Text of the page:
Lightsey expressed the necessity for African-American faculty to help black students find their voices, and Boston University PhD. Candidate Montegue Williams spoke of the necessity to help give black students experiences that will affirm the beauty of their blackness. I thought about the Black Arts Movement in the late 1960s and early 1970s. I thought of the 1968 album “Black and Beautiful and Soul and Madness.” In my college days, we danced to the rhythms of “free your mind and the rest will follow.” We wore our hair natural and embraced a black is beautiful ethos. I thought the question of the beauty of blackness was settled, but now I suppose each generation must affirm their beauty for themselves. Williams suggested a reversal of the logic of a free mind frees everything else. He says: “Free the body and the mind will follow.” He was speaking of a moment when everyone feels comfortable in their own bodies no matter one’s race, sexual orientation, or gender.
Scholars do the work of writing the vision. Reverend Dr. Stephen Ray, Neal F. and Ila A. Fisher professor of systematic theology at Garrett-Evangelical Theological Seminary and executive director of the Society for the Study of Black Religion, encouraged us to think decades into the future. What will the world look like? What will the church look like? What will freedom look like? The work of the scholar is the work of imagination.
However, on the way to the future, preacher/teacher/scholars have an obligation to tell the truth of the present moment. Rev. Dr. Bridgeman who is associate professor of homiletics and Hebrew Bible at Methodist Theological School in Ohio, spoke of the epistemological give and take when scholars become activists. Activists help the scholar to know what she knows, and the scholar brings vision and information to the activist. Bridgeman says: “Freedom means we quit lying from the pulpit.”
I thought about the various ways we allow our religious and spiritual discourse to reflect the deceptions of white supremacy both in overt and covert ways. Too many pulpits are silent about the deaths of people killed by state sanctioned violence. They are not calling us to action. Too many priests, pastors, rabbis, imams, shamans, and philosophers are more motivational life coach and cheerleader than they are prophets calling us to do the hard work of justice. We ought to think and think again about the kind of spirituality this contemporary time requires.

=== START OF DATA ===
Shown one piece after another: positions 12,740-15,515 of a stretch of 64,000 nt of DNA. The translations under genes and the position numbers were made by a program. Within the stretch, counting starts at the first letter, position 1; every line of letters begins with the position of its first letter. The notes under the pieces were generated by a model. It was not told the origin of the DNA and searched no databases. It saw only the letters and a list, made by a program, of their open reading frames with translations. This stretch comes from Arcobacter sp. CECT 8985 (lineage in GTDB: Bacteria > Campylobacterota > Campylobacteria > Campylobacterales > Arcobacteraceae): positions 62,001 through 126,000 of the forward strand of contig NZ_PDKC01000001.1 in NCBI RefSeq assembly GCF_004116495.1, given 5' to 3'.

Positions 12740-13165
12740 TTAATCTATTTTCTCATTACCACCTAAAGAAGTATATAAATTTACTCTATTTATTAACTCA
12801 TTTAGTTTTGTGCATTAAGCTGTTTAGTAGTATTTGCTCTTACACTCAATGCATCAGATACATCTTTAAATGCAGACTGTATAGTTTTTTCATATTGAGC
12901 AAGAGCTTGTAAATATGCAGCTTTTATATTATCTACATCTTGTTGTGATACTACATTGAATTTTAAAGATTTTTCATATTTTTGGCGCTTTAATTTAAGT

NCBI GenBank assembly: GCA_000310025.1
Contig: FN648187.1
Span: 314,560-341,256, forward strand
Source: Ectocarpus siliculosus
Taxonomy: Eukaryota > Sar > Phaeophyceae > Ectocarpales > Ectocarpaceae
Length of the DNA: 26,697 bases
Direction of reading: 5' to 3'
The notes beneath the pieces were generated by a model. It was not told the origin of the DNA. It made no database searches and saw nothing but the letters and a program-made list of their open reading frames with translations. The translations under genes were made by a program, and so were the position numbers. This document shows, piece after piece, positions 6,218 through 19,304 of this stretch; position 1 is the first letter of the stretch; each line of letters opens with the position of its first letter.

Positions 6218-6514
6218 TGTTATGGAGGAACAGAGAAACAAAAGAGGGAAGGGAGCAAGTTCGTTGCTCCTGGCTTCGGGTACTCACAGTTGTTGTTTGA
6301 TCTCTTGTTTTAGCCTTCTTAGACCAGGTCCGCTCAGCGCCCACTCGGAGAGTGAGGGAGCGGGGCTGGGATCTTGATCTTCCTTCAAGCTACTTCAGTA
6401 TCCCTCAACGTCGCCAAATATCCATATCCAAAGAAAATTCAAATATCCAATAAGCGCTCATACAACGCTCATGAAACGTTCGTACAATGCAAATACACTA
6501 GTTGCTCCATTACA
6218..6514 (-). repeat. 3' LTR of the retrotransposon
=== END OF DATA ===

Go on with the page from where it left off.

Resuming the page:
I say: Action without thought is brutal, and thought without action is a bloodless dream. In order to make this world a better place, we need both action and thought working in concert.
Dr. J Kameron Carter, associate professor of systematic theology and Black Church Studies at Duke Divinity School, offered us his concept of churchicality in his plenary talk. It is the example of church that we saw at Emanuel African Methodist Episcopal Church in Charleston, South Carolina when the people there opened its doors in radical welcome to Dylann Roof, the young white man who killed nine of the members of prayer meeting/bible study. Churchicality is church as a worship space and a locus for planning rebellion against oppression. It is church and its community. It is the church and the church in motion. Churchicality is Mike Brown walking down the middle of the street with his friend, Dorian Johnson. It is the church and its excess.
Carter’s churchicality made me think of the risk of hospitality. The radical welcome, the openness of hospitality requires the virtues of courage and radical love because the person who comes to our door uninvited and unexpected may do us harm. But, hospitality insists that we allow them entrance. Carter’s concept lives and finds expression in community, in open space, and in the supplement of absence and presence. I imagine that the supplement reaches back through history and forward to a future that is only a guess. It is this excess, this courage, this love, this invisible spiritual communion that is to my thinking holistic in that it finds transcendence both in a horizontal relationships within society and in a vertical relationship with the Divine. It is this spiritual communion that cannot be shot to death. The voices that call our name cannot be silenced by state sanctioned violence.